Skip to comments.(Vanity) Pride and Prejudice -- or, On Trust of Authors
Posted on 09/24/2006 6:28:46 PM PDT by grey_whiskers
I have found that a reliable way for me to choose authors is by word of mouth. That is, if people whom I share values, or people with whom I enjoy conversation, tell me about an author they like, I often find that I like that author as well. What is odd about this is that we often end up liking the author for completely different reasons from each other. Or, sometimes, after I read the author, I dislike much of what they say, but there is enough I do agree with that I am able to share those things with my friend.
In other words, though you cannot judge a book by its cover, you can judge it by its reputation, or by what you think of it. But that brings up another question. Have you ever, when reading a book, come across something you disagreed with and thought, or said, this is a bunch of hooey. ? I have, and I find that when that happens, I am now on my guard for other nonsense, and for any passages I read later which I am not sure of, or which I am skeptical of, I am *much* less likely to give the author the benefit of the doubt. I do not seem to be alone in this. For example, the celebrated novelist, the late Professor Tolkein (yes, he was a professor as well), wrote the following passage about some of the literary criticism of his fantasy in an essay:
The notion that motor-cars are more real than say, horses is pathetically absurd. How real, how startlingly alive is a factory chimney compared with an elm-tree: poor obsolete thing, insubstantial dream of an escapist!
Of course, the same thing can go on, even when we are not readingwhen we are talking about people, or groups with whom we do not agree. I remember many years ago in high school when I was eagerly awaiting a certain TV movie on a certain station. When I turned on the station at the time of the show, I found no movie, but instead some religious broadcast or televangelist. I was very chagrined, to the point of expressing my opinion of those idiots, until I looked up the TV Guide again. My show was actually on the NEXT night making ME the idiot. And a jerk, for blaming not just a show, but the people ON the show, for my mistake. When this is carried on too far, we call it bigotry or prejudice.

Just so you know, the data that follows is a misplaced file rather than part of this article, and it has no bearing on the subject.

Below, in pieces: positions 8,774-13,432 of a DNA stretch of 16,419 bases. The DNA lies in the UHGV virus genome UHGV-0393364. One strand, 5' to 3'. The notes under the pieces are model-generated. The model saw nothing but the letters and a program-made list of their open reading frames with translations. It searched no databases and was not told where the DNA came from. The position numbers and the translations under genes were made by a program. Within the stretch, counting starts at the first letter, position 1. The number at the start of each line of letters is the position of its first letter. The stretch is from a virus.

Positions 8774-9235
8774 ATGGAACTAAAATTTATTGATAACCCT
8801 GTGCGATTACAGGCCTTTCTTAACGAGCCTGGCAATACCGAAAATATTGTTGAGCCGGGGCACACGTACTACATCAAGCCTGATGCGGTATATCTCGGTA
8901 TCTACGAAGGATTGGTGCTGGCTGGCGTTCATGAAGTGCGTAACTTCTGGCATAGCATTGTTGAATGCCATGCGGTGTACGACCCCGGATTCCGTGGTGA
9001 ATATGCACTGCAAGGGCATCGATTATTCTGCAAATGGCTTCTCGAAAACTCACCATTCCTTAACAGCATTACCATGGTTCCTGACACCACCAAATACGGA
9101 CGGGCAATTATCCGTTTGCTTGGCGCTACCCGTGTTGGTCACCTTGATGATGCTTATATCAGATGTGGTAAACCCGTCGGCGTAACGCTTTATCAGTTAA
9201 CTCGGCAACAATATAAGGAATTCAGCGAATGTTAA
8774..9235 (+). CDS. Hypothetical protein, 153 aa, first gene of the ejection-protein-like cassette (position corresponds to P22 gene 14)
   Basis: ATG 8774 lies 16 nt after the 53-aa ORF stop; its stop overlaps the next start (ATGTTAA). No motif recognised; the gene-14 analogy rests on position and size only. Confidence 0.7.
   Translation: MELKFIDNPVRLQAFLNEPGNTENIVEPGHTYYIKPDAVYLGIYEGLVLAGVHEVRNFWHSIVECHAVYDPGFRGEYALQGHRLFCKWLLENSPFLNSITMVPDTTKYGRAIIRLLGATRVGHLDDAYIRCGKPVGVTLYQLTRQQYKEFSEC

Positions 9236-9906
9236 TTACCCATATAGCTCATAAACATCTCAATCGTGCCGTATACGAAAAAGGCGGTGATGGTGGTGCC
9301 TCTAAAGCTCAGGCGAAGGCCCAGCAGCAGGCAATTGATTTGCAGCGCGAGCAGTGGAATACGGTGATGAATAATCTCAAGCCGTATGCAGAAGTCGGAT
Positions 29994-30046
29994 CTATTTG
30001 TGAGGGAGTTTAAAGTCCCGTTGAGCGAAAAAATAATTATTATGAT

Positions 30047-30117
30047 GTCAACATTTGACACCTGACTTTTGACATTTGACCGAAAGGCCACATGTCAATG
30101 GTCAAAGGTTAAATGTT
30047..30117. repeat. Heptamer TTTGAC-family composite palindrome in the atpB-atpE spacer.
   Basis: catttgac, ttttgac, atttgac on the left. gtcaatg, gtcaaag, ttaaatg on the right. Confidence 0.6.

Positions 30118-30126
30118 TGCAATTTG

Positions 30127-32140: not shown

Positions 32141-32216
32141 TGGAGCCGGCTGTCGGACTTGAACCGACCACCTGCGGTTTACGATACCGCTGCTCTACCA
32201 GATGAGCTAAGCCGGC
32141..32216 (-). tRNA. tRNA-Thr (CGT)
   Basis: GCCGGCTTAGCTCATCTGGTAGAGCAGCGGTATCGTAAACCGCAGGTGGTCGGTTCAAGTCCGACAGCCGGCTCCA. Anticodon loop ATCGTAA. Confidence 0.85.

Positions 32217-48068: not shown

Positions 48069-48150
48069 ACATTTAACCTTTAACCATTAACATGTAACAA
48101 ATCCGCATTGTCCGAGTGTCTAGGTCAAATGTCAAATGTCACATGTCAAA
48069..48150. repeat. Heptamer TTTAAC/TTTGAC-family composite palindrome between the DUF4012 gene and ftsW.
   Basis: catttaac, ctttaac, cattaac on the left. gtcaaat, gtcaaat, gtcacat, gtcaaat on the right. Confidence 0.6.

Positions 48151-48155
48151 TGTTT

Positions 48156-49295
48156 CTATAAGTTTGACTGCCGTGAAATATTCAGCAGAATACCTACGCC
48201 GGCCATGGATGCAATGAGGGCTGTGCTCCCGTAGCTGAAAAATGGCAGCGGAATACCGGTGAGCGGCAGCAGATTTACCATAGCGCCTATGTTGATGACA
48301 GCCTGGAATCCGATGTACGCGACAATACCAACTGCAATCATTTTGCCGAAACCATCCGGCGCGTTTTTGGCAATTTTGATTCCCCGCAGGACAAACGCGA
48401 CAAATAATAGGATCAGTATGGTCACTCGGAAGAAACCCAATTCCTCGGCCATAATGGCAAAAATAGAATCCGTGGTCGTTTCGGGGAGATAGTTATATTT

On the other hand, there is the opposite of bigotry it is called favoritism. What happens here is when we are reading an author with whom we agree, whose foibles we know and approve of, and let something slip by which we would ordinarily have rejected. For a personal example, I was recently re-reading C.S. Lewiss novel That Hideous Strength. One of the main elements in the novel is the head of a decapitated scientist which has been artificially revived and sustained with a mechanical bloodstream.
One of the characters had said, We can keep the brain alive after the body has been dispensed witha miracle of applied biochemistry. Now, it was an ingenious plot device. But I uncritically accepted this statement. It came to me quite suddenly that there were all kinds of scientific inaccuracies, problems, and issues with the idea which had not been addressed. I am aware of the suspension of disbelief which is necessary when reading a novel, but I was brought up short, when I realized that if I had come across such a contrivance in an author I disliked, I would likely have used it as a reason to jettison the entire book, if not stop reading that author.
What can I say? Obviously I need to keep a greater rein on my jaundice. Or, on my prejudice. Or even my pridethat I am a sufficient critic for virtually everything I read, even on subjects I am not an expert in. Pride and Prejudice. Things to beware of when making conversation with friends, or when reading books.
It's a natural result of my own opinions and reasoning.
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